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The last of the light drained from the narrow gash of sky above me. I heard my cries for help bounce away through the canyon walls, but they received no answer. I was stuck, my leg was throbbing, and the temperature was dropping fast.
When I’d started the loop connecting central Utah’s Ding and Dang Canyons in the clear sunshine five hours earlier, I expected to be on my way home by nightfall.
I’m the manager of a small movie theatre in Nephi, Utah, and I don’t often have weekends off, which makes finding canyoneering partners tricky. But I didn’t mind—ever since I’d bought a car a year earlier, I’d been exploring every hiking trail I could find within a day’s drive of home. I was used to going alone as I expanded my hiking résumé, building my skill level slowly to account for my solo status.
I’d done Little Wild Horse Canyon and Bell Canyon, two beginner-friendly slots, the week before, and they’d gone smoothly. I was ready for a little challenge, and I set off that morning to explore the sinuous, rose-gold passages of Happy Canyon, which seemed like a doable next step up.
But when the rutted dirt road proved too rough for my sedan, I had to turn to my plan B (worried about the drive in, I’d made one before leaving home). The 5.7-mile loop connecting Ding and Dang Canyons was nearby, and according to the trip reports I’d read, it was supposed to be pretty easy. But as I was about to learn, “easy” is relative.
There was only one other car at the trailhead when I pulled in. I called to tell my mom about the change of itinerary and started hiking under blue skies. I was wearing shorts and a T-shirt. There was nothing but sun in the forecast, but I packed a hoodie, plenty of food and water, and a handline in case things got trickier than expected. It was 2:30 p.m.—I had more than enough daylight for what I estimated would be a three-hour hike.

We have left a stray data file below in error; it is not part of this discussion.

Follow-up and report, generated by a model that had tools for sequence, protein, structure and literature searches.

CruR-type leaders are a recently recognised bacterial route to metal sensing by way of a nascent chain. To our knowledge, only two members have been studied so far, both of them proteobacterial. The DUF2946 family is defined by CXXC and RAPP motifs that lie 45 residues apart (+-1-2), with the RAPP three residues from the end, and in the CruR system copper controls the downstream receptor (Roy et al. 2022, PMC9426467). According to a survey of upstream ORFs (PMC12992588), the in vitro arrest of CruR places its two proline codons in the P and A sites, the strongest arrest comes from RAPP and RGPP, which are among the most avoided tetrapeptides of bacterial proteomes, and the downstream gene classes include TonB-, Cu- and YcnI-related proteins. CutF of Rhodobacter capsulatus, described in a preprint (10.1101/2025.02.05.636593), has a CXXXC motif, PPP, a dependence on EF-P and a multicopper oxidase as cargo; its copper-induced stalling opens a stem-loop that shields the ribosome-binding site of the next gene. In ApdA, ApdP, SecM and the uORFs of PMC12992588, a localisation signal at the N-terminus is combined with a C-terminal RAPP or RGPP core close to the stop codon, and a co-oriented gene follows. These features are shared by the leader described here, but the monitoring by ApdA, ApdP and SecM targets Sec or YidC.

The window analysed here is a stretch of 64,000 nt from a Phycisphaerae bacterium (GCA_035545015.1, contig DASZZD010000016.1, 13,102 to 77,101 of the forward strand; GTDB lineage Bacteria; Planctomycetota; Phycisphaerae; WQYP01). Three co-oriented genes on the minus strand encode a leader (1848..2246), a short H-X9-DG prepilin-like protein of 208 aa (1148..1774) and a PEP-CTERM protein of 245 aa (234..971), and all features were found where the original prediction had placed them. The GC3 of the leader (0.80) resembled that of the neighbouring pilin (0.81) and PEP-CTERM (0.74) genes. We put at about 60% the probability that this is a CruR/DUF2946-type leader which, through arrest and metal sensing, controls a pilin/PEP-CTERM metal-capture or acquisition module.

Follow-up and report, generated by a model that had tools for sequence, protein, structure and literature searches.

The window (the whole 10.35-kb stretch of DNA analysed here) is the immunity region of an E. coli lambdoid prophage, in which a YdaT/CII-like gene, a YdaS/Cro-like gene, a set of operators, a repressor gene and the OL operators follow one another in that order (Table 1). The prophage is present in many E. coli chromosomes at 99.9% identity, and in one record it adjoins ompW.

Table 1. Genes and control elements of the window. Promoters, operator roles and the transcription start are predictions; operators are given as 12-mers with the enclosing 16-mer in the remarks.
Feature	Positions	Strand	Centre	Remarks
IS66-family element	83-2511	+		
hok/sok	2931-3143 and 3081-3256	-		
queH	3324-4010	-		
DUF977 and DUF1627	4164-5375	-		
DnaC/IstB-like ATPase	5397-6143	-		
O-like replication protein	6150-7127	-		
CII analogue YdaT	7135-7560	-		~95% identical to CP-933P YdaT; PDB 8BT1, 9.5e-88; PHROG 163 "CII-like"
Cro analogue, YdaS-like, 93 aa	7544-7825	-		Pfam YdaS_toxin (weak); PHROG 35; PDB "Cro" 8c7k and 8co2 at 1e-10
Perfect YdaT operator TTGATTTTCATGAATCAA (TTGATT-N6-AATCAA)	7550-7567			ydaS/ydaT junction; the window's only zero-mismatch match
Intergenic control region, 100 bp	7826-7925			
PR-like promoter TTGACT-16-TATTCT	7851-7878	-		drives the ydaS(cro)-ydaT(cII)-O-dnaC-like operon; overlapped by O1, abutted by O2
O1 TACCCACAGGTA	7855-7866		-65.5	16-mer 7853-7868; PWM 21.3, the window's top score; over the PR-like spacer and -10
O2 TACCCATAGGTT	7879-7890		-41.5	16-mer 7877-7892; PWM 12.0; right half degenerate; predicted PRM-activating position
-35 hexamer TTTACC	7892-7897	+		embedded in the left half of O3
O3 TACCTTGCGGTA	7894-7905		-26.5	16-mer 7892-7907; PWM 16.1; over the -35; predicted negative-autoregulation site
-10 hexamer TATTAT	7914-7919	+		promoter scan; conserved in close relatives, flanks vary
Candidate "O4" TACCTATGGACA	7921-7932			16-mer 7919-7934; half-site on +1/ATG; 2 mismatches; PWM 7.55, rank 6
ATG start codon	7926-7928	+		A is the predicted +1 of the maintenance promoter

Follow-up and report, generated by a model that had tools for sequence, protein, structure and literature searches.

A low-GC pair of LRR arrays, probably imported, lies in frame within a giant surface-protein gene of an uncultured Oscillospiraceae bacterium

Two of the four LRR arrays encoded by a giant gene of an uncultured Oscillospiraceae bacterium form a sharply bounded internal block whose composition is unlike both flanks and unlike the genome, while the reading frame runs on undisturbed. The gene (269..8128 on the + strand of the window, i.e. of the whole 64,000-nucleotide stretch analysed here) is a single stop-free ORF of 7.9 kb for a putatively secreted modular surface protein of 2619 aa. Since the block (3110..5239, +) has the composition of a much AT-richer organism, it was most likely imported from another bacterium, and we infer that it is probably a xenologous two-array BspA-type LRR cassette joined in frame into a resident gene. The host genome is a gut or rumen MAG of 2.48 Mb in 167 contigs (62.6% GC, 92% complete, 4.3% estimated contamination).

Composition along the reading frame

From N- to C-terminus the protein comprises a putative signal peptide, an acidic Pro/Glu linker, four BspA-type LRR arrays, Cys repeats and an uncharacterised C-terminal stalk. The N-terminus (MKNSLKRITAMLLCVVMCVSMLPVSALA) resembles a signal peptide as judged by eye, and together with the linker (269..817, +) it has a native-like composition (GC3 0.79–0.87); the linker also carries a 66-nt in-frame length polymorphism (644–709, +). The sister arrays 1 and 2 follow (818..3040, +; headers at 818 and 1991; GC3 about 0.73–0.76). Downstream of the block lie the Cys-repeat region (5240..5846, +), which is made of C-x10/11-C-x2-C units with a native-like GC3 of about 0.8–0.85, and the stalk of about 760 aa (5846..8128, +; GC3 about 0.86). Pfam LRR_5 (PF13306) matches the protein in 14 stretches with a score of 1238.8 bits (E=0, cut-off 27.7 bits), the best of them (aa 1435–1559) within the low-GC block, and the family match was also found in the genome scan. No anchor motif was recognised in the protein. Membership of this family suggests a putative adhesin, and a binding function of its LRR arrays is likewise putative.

I had the route all to myself. After a mile, it dove into Ding Canyon, weaving through V-shaped narrows and pocketed sandstone. I crawled over potholes and stemmed through notches, and by the time I reached the open ridge dividing the two canyons, it was 4:30 and I was tired. Still, I was halfway through the loop and only a bit behind schedule, so I headed into Dang Canyon.
I reached the first drop in less than a mile. Wasn’t expecting that, I thought as I picked my way down the smooth, 10-foot ramp. The walls closed in the farther I hiked, and before long they rose several hundred feet above my head.